Be creative, and “date” a few people in each other’s lives, too — not necessarily one-on-one, but work to get to know them, and to be known by them. Someone who loves you and Jesus should know you both (individually and as a couple) well enough to agree with you that you should get married. Prioritize and initiate this in your long-distance dating.
3. Don’t think you don’t need boundaries.
Boundaries are important in any not-yet-married relationship, because God loves you and wants what’s best for you. He did not create you to recklessly give away your heart without a covenant. While spontaneous plunges into intimacy look great in chick-flicks and feel great in the moment, they breed shame, regret, distrust, and emptiness. Boundaries are necessary because on the road to marriage and its consummation, the appetite for intimacy only grows as you feed it.
Distance does not remove sexual temptation. In fact, for many, the temptation will be much stronger when you are together. We foolishly try to make up for lost time physically, as if we owe each other something. Anticipate that, and talk before the trip about how you’ll avoid temptation and confront it when it comes. Also, beware of trying to experiment with sexual intimacy together through technology. Pictures and words can be just as dangerous to our hearts as touching.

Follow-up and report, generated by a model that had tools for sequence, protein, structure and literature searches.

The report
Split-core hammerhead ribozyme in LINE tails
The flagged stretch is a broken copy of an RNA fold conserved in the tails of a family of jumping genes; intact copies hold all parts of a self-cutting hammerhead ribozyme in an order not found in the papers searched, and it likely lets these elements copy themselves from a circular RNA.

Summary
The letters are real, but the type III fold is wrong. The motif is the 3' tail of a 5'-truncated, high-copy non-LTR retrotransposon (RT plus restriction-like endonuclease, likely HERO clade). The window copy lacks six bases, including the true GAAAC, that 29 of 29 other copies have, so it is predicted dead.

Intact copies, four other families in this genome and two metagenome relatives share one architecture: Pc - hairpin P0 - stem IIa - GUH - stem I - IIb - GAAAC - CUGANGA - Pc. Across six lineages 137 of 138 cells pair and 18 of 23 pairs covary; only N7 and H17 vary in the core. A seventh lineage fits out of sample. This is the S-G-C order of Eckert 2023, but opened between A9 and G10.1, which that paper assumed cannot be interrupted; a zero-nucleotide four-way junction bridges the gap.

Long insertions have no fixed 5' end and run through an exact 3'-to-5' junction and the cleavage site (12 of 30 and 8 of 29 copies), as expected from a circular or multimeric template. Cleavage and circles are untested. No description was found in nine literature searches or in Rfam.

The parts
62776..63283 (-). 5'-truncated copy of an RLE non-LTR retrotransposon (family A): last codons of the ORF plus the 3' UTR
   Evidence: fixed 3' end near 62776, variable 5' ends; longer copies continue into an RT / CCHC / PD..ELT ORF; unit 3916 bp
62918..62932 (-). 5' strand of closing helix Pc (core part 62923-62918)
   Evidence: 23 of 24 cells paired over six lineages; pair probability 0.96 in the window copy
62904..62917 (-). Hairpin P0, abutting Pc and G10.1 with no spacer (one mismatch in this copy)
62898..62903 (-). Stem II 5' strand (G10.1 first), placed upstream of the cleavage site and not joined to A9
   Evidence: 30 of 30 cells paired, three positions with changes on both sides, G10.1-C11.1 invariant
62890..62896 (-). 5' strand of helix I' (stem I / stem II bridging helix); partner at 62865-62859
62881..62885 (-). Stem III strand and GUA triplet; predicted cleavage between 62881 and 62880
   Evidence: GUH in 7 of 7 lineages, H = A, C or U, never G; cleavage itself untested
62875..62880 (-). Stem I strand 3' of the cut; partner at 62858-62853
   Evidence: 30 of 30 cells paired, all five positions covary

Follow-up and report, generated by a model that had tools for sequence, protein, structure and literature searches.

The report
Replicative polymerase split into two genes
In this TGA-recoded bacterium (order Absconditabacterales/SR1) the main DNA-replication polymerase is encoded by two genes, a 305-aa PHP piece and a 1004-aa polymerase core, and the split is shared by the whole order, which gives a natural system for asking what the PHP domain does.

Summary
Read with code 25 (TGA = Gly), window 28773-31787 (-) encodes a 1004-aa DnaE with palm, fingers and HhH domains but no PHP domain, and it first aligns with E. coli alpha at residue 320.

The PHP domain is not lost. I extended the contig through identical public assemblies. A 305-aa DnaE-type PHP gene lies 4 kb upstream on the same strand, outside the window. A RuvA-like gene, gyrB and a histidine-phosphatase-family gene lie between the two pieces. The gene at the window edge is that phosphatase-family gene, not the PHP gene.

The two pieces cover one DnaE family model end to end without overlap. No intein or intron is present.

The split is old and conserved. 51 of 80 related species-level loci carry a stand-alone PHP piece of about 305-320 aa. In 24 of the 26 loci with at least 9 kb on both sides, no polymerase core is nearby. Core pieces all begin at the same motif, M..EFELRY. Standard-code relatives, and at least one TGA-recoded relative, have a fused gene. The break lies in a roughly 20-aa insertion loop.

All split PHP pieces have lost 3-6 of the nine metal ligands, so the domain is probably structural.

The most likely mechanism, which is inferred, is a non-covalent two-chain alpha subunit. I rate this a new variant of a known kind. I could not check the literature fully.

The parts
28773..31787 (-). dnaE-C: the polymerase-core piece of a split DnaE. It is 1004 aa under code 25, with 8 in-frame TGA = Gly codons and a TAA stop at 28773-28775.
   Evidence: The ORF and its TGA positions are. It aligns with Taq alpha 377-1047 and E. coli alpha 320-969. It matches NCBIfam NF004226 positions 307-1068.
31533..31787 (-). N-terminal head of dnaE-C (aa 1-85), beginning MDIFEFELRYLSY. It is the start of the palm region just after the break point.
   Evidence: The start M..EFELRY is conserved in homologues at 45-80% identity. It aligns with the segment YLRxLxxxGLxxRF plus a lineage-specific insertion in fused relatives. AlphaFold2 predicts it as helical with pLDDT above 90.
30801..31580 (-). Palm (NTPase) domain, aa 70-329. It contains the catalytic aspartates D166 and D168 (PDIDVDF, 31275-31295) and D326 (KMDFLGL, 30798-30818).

“Boundaries are important in any not-yet-married relationship, because God loves you and wants what’s best for you.”
Boundaries, though, are not just for guarding against sexual immorality. Boundaries build trust. When we set clear standards and expectations in dating, and then fulfill those standards and expectations, we say we will do the same in marriage. That’s true in sexual purity and in a hundred other ways.
Other questions to ask ourselves about boundaries include:
- How often is it healthy to talk?
- How long is it healthy to talk each night?
- What kinds of conversations should we have at each stage of the relationship?
- When is it loving to say, “I love you”?
- When is it safe to talk about marriage? How will we guard each other when talking about marriage?
- How often should we visit each other?
- How will we protect our purity during those short and often more romantic days together?
By getting out ahead of these questions and others, you will sacrifice some of the adrenaline of spontaneity, but you’ll also protect one another in dating, and you’ll cultivate the treasure of trust.
With patience, you’ll preserve and multiply your pleasures in marriage. Spontaneity is one important flavor in dating and in marriage, but marriage is fueled by faithfulness and reliability, not surprise. Agree on some real, objective boundaries, even if they feel arbitrary at first, and follow through together.